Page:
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Jan 10, 2016

Cardiac Rehab is Lifesaving for Heart Patients

Exercise-based rehab programs reduce risk for heart-related death by 26%.

A recent study in the Journal of the American College of Cardiology analyzed a large body of evidence related to cardiac rehabilitation. Currently, cardiac rehab is recognized by health organizations as an important part of treatment for patients with heart disease. Cardiac rehab is a comprehensive program that includes exercise training, education on lifestyle choices, risk factor modification and even mental health. While most heart patients can benefit greatly from cardiac rehab, not all take advantage of this critical program.

To explore the many benefits of cardiac rehab, researchers reviewed existing evidence on the topic. A total of 63 clinical trials were included in the analysis, all of which compared outcomes in patients that did and did not participate in cardiac rehab programs. Study participants included heart attack patients, individuals diagnosed with heart disease or patients that underwent heart procedures to restore blood flow to the heart.

Among nearly 14,500 patients followed for a minimum of six months, researchers found that cardiac rehab reduced risk for heart-related death by 26%. Patients attending cardiac rehab were also 18% less likely to be admitted to the hospital in the year following their heart event or procedure. And two-thirds of studies found that cardiac rehab was associated with better quality of life.

Findings reaffirm the value of cardiac rehab and support current guidelines recommending rehab programs for heart patients. Not only does cardiac rehab improve outcomes, it can improve quality of life for patients with heart disease.

The problem is that not all patients take advantage of cardiac rehab after a heart event, procedure or heart disease diagnosis. With additional education, experts hope to increase referrals to cardiac rehab and increase the number of heart patients attending rehab programs. Together, experts hope these efforts will increase utilization of cardiac rehab and help heart patients live longer, healthier lives.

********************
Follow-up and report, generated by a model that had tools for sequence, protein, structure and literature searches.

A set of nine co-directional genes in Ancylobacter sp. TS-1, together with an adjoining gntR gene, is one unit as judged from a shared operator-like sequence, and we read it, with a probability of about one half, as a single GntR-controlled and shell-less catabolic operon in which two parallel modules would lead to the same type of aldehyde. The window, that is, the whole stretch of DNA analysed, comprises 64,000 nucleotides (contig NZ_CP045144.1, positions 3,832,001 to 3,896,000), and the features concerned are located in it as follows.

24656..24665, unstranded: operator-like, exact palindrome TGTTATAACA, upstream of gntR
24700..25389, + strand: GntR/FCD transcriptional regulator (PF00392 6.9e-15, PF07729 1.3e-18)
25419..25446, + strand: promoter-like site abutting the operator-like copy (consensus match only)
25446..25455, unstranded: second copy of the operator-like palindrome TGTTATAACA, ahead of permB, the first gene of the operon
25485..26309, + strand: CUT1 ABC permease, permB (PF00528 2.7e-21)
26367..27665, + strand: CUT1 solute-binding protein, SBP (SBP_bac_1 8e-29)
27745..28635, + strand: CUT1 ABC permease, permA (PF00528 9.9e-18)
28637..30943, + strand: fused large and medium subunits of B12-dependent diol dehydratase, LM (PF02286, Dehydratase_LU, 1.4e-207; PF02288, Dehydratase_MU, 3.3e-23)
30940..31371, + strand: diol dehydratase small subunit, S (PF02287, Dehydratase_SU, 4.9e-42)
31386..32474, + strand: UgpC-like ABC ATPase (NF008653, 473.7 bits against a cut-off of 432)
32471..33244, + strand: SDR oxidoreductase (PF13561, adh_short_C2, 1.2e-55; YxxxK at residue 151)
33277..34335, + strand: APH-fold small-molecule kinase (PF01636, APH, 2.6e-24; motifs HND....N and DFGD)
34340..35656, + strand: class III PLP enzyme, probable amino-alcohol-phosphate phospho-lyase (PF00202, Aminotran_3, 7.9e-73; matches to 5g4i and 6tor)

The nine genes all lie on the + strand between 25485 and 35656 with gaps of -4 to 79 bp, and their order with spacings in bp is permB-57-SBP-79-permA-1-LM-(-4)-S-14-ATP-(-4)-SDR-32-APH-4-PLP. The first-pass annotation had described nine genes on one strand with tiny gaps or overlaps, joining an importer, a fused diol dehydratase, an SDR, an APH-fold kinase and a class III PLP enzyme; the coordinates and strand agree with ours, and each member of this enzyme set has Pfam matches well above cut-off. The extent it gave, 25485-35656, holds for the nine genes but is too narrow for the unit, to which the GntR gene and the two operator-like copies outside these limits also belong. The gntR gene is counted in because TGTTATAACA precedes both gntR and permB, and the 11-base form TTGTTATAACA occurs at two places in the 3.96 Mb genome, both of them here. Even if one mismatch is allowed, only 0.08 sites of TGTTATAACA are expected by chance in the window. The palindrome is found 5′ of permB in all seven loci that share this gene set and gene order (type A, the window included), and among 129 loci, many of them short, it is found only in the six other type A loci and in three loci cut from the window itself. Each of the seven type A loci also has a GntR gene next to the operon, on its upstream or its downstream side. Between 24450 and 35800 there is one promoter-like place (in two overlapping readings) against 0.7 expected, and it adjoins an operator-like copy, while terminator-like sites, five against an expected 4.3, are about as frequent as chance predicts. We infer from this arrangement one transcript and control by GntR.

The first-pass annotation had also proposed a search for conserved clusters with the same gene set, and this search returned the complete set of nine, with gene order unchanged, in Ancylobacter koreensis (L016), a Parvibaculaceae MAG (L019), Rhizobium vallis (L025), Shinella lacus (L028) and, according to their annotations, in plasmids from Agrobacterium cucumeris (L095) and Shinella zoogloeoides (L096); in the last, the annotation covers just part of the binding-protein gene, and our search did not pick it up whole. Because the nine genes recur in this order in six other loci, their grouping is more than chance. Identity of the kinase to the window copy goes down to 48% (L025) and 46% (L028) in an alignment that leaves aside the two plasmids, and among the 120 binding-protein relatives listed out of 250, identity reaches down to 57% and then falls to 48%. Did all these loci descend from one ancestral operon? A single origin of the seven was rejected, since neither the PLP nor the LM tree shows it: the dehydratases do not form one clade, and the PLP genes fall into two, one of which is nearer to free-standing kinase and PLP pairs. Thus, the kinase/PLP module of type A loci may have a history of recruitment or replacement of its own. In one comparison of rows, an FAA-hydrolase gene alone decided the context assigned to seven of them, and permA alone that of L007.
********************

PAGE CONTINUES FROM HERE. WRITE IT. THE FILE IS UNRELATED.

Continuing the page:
Read the full article in the Journal of the American College of Cardiology.

Questions for You to Consider

  • Who is eligible to participate in a cardiac rehabilitation program?

  • Medicare and most private insurers cover cardiac rehabilitation generally for 24–36 sessions over a 3– to 6–month period for people who have had recent heart attacks; angina; bypass or valve surgery; coronary angioplasty or stents; or heart transplants. However, some insurance companies also recognize the benefits of cardiac rehabilitation to help people with heart failure and cover participation for people with heart failure and other diagnoses.
  • Who can benefit from cardiac rehabilitation?
  • Cardiac rehabilitation is recommended for many different types of heart patients, including those with heart disease, heart failure, and a history of heart attack. Cardiac rehab is also beneficial for patients after heart procedures like open heart surgery and percutaneous coronary intervention. Through a combination of exercise, education and support, cardiac rehab can help patients improve their health and prevent future health problems.
  • What is cardiac rehabilitation?
  • Cardiac rehabilitation (cardiac rehab) is a program designed to help patients recover from a heart event and build the foundation for a healthier future. Cardiac rehab typically involves an individualized exercise and lifestyle modification program, and provides a support system to help patients take control of risk factors, monitor progress, communicate with doctors, and adopt lifelong healthy behaviors. Services are provided by a team of nurses, exercise specialists, dieticians and other health care professionals led by a physician.  Cardiac rehab has been shown to improve both outcomes and better quality of life for patients after a heart event.


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